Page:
Stretching the marionette

Many of us, myself included, were raised in a sporting environment that emphasized stretching.  As a distance runner, I was routinely advised to stretch for 1/2 hour or more prior to running every day.  Unfortunately, many continue to repeat what they were taught and never question the status quo. There is a wealth of evidence that suggests static stretching can rob us of performance, although I do acknowledge some degree of tissue extensibility/mobility is necessary.

Liars! Changing the length of my strings makes things harder.

Those who treat runners know motor control (stability) is often an issue, particularly in the frontal and transverse planes.  Recently I saw the most under-controlled runner I’ve seen in a long time.  After an evaluation, corrective strategy, and conversation we reassessed and saw a nice improvement in symptoms and movement quality.  We discussed the future course of care and home exercise prescription and were about to part ways when…. the patient asked me what stretches he should add to the 2 exercises I just taught him.  Maybe I did the world’s worst job communicating what I thought the problem and potential solution were, but I suspect I was just up against an insurmountable preconceived notion.  Stretching is not a panacea solution.  It is also not a necessity for all activities, in particular running.  See NY Times Article: Reasons Not to Stretch.

There is also abundant evidence questioning the value and timing of static stretching.  A random selection, in no particular order:

I understand that handing out copies of the NY Times article or giving patients research citations, abstracts, or even full text articles isn’t a solution to the problem.  Further, in the current healthcare setting time and efficiency is often a key factor in clinical treatment.  So how do we effectively communicate this idea that stretching may impede performance as clearly and succinctly as possible?

Here’s one way I’ve had success.  I recommend you judge your successful communication by the change in facial expression (shocked), demeanor (surprised and curious), and the light bulb appearing above your patient/clients head.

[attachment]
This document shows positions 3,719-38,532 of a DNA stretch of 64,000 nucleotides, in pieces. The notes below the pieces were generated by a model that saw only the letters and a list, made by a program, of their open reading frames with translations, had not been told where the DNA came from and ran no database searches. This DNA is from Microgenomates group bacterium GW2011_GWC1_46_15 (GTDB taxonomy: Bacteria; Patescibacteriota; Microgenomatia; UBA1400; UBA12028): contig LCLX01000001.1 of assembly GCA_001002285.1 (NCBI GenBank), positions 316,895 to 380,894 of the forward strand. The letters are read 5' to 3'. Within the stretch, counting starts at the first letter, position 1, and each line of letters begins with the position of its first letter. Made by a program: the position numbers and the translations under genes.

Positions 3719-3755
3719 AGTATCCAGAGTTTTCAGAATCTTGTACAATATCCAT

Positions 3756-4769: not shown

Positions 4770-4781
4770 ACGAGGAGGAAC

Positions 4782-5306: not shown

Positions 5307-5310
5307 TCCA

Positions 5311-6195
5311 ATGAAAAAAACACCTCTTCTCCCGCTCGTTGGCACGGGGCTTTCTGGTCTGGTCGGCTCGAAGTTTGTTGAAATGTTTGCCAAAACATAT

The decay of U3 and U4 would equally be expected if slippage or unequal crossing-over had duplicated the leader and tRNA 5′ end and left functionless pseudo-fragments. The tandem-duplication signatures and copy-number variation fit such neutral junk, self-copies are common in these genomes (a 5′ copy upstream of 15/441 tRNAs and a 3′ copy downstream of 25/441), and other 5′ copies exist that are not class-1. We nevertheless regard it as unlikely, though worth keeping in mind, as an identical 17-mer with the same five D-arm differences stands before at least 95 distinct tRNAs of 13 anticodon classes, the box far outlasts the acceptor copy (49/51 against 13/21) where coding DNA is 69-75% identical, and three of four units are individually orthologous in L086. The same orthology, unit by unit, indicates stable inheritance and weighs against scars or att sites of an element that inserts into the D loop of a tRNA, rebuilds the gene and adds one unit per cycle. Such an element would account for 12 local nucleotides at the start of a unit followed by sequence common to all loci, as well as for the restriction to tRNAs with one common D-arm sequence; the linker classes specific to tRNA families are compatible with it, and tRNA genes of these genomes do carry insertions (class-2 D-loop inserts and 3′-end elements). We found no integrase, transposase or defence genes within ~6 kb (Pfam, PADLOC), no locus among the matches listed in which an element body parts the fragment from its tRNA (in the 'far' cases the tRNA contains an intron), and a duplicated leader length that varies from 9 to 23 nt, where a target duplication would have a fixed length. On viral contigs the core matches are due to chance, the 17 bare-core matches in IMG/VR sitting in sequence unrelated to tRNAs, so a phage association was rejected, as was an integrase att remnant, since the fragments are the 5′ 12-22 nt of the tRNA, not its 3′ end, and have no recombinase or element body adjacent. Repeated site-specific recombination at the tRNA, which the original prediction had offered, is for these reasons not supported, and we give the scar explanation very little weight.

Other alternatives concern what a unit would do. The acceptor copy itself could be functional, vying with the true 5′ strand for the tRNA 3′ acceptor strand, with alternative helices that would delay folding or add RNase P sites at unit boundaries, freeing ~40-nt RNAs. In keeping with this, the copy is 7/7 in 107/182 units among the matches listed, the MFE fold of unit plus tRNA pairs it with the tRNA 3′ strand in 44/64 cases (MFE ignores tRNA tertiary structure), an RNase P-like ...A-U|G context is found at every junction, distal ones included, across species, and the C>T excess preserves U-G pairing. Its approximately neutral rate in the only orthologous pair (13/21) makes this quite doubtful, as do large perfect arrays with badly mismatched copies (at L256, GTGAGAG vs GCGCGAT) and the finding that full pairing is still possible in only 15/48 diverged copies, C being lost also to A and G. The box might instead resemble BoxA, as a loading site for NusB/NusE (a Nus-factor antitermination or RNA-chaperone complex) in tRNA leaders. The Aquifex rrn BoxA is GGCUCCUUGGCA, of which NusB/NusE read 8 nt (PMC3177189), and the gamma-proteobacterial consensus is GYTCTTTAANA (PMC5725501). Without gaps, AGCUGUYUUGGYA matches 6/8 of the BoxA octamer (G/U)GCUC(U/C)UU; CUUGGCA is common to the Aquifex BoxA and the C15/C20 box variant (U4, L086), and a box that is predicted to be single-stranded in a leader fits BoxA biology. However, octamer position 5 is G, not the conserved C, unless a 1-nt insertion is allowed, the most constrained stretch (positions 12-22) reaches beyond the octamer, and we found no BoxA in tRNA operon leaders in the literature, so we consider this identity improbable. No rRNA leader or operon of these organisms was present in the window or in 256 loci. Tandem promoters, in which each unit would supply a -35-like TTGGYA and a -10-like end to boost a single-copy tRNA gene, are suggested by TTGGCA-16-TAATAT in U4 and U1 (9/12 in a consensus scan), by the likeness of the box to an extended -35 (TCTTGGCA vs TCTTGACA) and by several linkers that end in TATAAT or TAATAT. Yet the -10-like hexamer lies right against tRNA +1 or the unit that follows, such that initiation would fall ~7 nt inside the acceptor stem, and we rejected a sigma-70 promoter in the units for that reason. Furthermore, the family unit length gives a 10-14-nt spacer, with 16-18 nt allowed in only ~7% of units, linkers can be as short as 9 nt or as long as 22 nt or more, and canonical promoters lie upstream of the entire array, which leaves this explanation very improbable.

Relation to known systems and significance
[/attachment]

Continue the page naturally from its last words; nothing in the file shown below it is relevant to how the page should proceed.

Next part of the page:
The way you move is coordinated in the subconscious portion of your brain.  This is done based on feedback regarding length and tension.  Changing your length and tension by stretching just before you run is like changing the length of the strings on a marionette just before the puppeteer takes the stage.  The performance will suffer.

I’m not sure why this analogy works better than all others I’ve tried, but it seems to.  Perhaps it’s the image of the clumsy puppeteer?  Maybe it’s the non-threatening nature of the analogy as it doesn’t directly compete with what so many ‘experts’ have told the athlete before?  Either way, it seems to be a way for people to grasp a complex concept that is often in opposition of their existing beliefs.

 

This conversation often continues into why they feel ‘tight’.  Here’s a nice recap of Professor Janda’s thoughts by Craig Liebenson, DC.

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Do I need orthotics or special running shoes???

An age old question from so many runners, walkers, athletes, and those who work on their feet.  In hopes of catching the blog up, this along with others, will be old posts that I often find myself discussing with patients and colleagues.

Read NY Times Blog Post below:

http://well.blogs.nytimes.com/2010/07/21/phys-ed-do-certain-types-of-sneakers-prevent-injuries/

While not a definitive study, it appears to have debunked the idea that so many people need ‘motion control’ shoes due to foot problems.  The original idea was that a ‘motion control shoe’ reduces pronation and would subsequently reduce injury in those pronators who wear them.  I suspect that more often pronation is the end-result of another issue  and should not be our main focus.  While in a small number of cases pronation may be solely a foot issue, it is likely that it is the result of a problem farther up the chain (most likely the hip; with delayed onset or weakness of the gluteus medius or lateral rotators).  My estimation is that as we fix pronation with a ‘motion control’ shoe, the compensation for the hip issue is eliminated.  This prevents energy leakage from the system and as energy remains during each step it overloads a different tissue/structure/joint leading to the increased rates of injury noted in the article.  Further study is needed, but we need to be aware of these sacred cows and exercise myths.  Look for future posts on strengthening the foot (foot drills & short foot exercises) as well as hip stability exercises.